27. ^ "$1.5 billion in just over one minute: Singles Day sales give China economic boost amid trade war". www.abc.net.au. 2019-11-11. Retrieved 2020-05-29.
  28. ^ Haas, Benjamin (2017-11-12). "Chinese shoppers spend a record $25bn in Singles Day splurge". The Guardian. ISSN 0261-3077. Retrieved 2020-06-03.
  29. ^ a b "Chinese shoppers spend a record $25bn in Singles Day splurge". the Guardian. 2017-11-12. Retrieved 2020-06-03.
  30. ^ McDowell, Erin (2019-11-13). "Chaotic photos show what it looks like when Alibaba sells $38 billion worth of merchandise on China's biggest shopping holiday and breaks records". Business Insider Australia. Retrieved 2020-06-02.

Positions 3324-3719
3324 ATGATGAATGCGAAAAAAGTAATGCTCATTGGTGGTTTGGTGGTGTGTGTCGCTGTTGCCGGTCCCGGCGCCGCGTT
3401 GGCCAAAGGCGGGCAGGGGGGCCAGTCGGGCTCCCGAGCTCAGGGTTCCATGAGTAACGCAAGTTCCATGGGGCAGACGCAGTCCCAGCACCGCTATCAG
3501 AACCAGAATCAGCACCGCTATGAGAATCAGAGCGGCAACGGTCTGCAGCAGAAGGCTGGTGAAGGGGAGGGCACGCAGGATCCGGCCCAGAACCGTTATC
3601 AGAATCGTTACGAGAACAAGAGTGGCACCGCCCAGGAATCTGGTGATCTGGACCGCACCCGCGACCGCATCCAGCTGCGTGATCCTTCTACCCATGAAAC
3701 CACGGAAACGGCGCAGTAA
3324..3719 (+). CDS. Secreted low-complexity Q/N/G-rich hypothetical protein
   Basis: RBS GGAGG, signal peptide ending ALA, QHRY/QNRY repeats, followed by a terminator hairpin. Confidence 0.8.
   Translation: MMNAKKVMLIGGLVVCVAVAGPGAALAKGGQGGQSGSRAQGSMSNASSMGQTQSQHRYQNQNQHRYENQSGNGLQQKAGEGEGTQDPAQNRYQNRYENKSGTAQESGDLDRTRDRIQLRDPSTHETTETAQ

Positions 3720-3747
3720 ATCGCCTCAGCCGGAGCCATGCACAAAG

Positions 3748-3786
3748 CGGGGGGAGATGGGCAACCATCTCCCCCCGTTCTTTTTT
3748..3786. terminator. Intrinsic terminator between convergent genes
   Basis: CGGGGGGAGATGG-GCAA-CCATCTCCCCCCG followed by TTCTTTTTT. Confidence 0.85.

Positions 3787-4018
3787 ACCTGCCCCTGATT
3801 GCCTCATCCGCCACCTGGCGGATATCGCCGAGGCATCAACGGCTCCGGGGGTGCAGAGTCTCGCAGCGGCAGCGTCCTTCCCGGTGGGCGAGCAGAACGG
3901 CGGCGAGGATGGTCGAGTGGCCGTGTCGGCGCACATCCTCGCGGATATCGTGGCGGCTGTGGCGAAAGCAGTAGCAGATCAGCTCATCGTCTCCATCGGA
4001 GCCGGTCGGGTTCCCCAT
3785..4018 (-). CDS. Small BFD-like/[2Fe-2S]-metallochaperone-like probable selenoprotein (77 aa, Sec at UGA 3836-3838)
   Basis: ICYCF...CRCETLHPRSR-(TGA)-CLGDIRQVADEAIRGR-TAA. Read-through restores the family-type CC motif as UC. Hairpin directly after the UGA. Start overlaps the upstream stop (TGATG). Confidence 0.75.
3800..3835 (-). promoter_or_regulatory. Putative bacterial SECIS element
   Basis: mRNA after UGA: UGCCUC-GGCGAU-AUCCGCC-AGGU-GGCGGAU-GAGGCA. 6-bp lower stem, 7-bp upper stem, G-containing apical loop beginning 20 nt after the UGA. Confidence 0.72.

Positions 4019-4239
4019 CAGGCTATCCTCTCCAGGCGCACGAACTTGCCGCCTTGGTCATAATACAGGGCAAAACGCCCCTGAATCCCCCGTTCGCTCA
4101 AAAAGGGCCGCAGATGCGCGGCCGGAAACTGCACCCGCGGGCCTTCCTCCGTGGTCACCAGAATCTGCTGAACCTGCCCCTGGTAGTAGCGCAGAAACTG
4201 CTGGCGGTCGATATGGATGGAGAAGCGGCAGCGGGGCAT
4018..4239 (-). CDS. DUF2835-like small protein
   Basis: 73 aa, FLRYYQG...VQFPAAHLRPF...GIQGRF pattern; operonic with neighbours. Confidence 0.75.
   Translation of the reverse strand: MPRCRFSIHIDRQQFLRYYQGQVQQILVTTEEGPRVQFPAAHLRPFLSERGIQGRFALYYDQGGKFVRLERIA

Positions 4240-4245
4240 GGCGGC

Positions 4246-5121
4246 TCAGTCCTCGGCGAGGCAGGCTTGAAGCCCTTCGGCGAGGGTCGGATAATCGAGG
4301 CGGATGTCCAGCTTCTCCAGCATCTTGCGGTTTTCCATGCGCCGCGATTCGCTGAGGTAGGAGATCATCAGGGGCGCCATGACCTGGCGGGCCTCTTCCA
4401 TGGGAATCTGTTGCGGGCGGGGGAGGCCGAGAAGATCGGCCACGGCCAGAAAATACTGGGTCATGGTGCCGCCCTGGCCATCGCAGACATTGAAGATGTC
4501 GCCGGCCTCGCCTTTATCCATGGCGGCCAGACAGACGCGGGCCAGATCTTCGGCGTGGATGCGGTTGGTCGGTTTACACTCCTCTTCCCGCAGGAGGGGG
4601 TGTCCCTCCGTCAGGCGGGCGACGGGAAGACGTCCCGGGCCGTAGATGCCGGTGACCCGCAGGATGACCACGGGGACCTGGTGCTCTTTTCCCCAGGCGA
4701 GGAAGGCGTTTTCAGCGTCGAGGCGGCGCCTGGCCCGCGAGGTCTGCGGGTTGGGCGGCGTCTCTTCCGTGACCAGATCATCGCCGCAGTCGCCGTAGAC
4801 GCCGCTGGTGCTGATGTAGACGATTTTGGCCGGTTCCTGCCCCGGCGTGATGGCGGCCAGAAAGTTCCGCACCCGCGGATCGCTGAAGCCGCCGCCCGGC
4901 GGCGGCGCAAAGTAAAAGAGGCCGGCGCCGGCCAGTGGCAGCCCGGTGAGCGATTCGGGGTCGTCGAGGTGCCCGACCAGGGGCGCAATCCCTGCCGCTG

31. ^ "China's "Singles Day" clothing sales produced 258,000 tonnes of CO2 in 2016 - Greenpeace". Greenpeace International. Retrieved 2020-06-03.
  32. ^ a b c d iChinaStock (2011-09-23). "Who Is the Amazon Of China: Alibaba, Dangdang or Jingdong?". Business Insider Australia. Retrieved 2020-05-29.
  33. ^ Olsen, Robert. "China's Migration To E-Commerce". Forbes. Retrieved 2020-05-29.
  34. ^ "Amazon, facing entrenched rivals, says to shut China online store". Reuters. 2019-04-18. Retrieved 2020-05-29.
  35. ^ Palmer, Annie (2020-05-09). "Why ordering from Amazon has been so unpredictable during the coronavirus crisis". CNBC. Retrieved 2020-06-03.
  36. ^ Kharpal, Arjun (2019-04-18). "Amazon is shutting down its China marketplace business. Here's why it has struggled". CNBC. Retrieved 2020-05-29.
  37. ^ "China: sales share of leading e-retailers 2019". Statista. Retrieved 2020-05-29.